Book Review: “Kids’ Knitting Workshop”

Howdy, knitting friends! Welcome to another edition of the KnittingDaddy blog. If this is your first visit, thanks for stopping by and I hope you keep coming back. You might want to read my knitting origin story to see how I got started on this journey. If you’re a regular reader, I’m glad you’re back! Today, I’m going to be reviewing Susan B. Anderson’s newest book: Susan B. Anderson’s Kids’ Knitting Workshop: The Easiest and Most Effective Way to Learn to Knit! (affiliate link, see Sponsor Page for details). Before getting to that, however, let’s take a look at the things that have been happening in my knitting world lately.

Recently On My Needles

I’ve had a productive week of knitting! First, I’m excited to report that my Tiny Tea Leaves Cardi is complete. I haven’t managed to get Blueberry to wear it and stay still long enough to capture a picture yet, but here it is on the blocking mats:

Little block party!

A photo posted by Greg Cohoon (@knittingdaddy) on

This was such a fun knit, and I’m thrilled with the way it came out. My wife found some perfect buttons for it and the whole thing is a cute as can be.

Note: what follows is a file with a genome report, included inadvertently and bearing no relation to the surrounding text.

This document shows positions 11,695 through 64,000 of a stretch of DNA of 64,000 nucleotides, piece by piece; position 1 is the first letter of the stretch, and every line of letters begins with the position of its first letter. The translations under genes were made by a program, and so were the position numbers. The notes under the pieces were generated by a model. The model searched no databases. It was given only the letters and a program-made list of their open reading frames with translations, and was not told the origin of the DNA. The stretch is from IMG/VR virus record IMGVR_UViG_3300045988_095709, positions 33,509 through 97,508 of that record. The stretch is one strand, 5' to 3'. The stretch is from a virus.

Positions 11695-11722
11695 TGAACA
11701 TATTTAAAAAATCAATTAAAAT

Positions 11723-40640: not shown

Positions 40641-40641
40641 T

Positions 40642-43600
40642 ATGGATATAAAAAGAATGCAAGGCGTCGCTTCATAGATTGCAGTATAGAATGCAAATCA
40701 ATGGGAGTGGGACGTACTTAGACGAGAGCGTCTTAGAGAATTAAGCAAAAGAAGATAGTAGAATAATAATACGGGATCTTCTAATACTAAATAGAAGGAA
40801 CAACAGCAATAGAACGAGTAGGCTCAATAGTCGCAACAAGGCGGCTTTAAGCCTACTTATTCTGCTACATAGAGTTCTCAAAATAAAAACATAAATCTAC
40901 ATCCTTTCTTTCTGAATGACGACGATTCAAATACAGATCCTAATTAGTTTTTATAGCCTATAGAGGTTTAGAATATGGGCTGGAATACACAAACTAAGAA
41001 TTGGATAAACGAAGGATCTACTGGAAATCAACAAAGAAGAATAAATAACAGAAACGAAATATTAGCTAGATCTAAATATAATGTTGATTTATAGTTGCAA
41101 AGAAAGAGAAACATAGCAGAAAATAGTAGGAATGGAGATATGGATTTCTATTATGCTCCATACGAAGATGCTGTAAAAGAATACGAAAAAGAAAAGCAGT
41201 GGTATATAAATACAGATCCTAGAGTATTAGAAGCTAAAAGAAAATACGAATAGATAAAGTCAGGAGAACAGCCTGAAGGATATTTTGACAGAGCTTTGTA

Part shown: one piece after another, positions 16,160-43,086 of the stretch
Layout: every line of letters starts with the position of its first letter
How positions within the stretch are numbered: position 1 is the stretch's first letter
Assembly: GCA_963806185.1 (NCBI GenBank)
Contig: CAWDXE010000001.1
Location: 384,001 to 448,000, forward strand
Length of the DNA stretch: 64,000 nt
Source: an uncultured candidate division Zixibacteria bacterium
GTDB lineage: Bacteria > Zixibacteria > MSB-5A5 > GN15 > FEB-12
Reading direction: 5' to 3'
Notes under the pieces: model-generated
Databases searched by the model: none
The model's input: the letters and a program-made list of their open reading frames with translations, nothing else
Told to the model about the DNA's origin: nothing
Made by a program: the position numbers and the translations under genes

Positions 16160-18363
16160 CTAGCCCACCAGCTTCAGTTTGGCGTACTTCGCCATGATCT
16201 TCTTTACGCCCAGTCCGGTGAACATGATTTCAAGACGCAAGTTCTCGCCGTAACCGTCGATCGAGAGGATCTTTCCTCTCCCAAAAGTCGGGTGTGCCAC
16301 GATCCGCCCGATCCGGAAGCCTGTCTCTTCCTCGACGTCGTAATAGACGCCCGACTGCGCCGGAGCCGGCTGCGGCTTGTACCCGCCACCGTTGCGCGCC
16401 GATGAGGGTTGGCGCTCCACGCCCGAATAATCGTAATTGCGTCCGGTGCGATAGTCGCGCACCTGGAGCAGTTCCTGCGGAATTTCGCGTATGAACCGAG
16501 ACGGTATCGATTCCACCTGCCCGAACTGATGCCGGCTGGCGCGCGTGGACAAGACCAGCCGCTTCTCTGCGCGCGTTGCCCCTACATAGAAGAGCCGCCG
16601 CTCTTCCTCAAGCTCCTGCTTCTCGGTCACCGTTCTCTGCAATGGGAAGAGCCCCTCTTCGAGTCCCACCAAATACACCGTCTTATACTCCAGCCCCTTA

Love this buttons my wife found for Blueberry's new cardigan.

A photo posted by Greg Cohoon (@knittingdaddy) on

Ravelry Project Page: TINY tea leaves cardi
Pattern: TINY tea leaves cardi by Melissa LaBarre
Yarn Used: Berroco Ultra Alpaca in the 62105 Eggplant colorway

Work on my two pair of socks also continues nicely. I’m almost to the heel flap for my #ChristmasDayCastOn sock, and I finished the Eye of Partridge heel on my other sock.

Finally, I’ve been making great progress on my Fireflies Rising shawlette. One of the things I love about Helen Stewart’s patterns is the percentage checklist style she uses. This way I know just how far along I’ve come (right now, it’s about 40%). I love how the sock blank is working out — with the yellow transitioning into the orange and the red just around the corner.

Ravelry Project Page: Fireflies Rising Shawlette
Pattern: Fireflies Rising Shawlette by Helen Stewart
Yarn Used: AndreSueKnits Watercolors in the Ablaze colorway

Book Review: “Kids’ Knitting Workshop”

Today I’ll be reviewing Susan B. Anderson’s Kids’ Knitting Workshop: The Easiest and Most Effective Way to Learn to Knit! (affiliate link, see Sponsor Page for details). Disclosure: I’m a huge Susan B. Anderson fan, so my review already comes with that bias (but it’s deserved!). I bought the book myself, and the review isn’t sponsored by anyone. The links to the book on amazon are affiliate links, so if you click through and subsequently make any purchase on Amazon, it will throw a little bit of change my way to help with the blog and podcast expenses.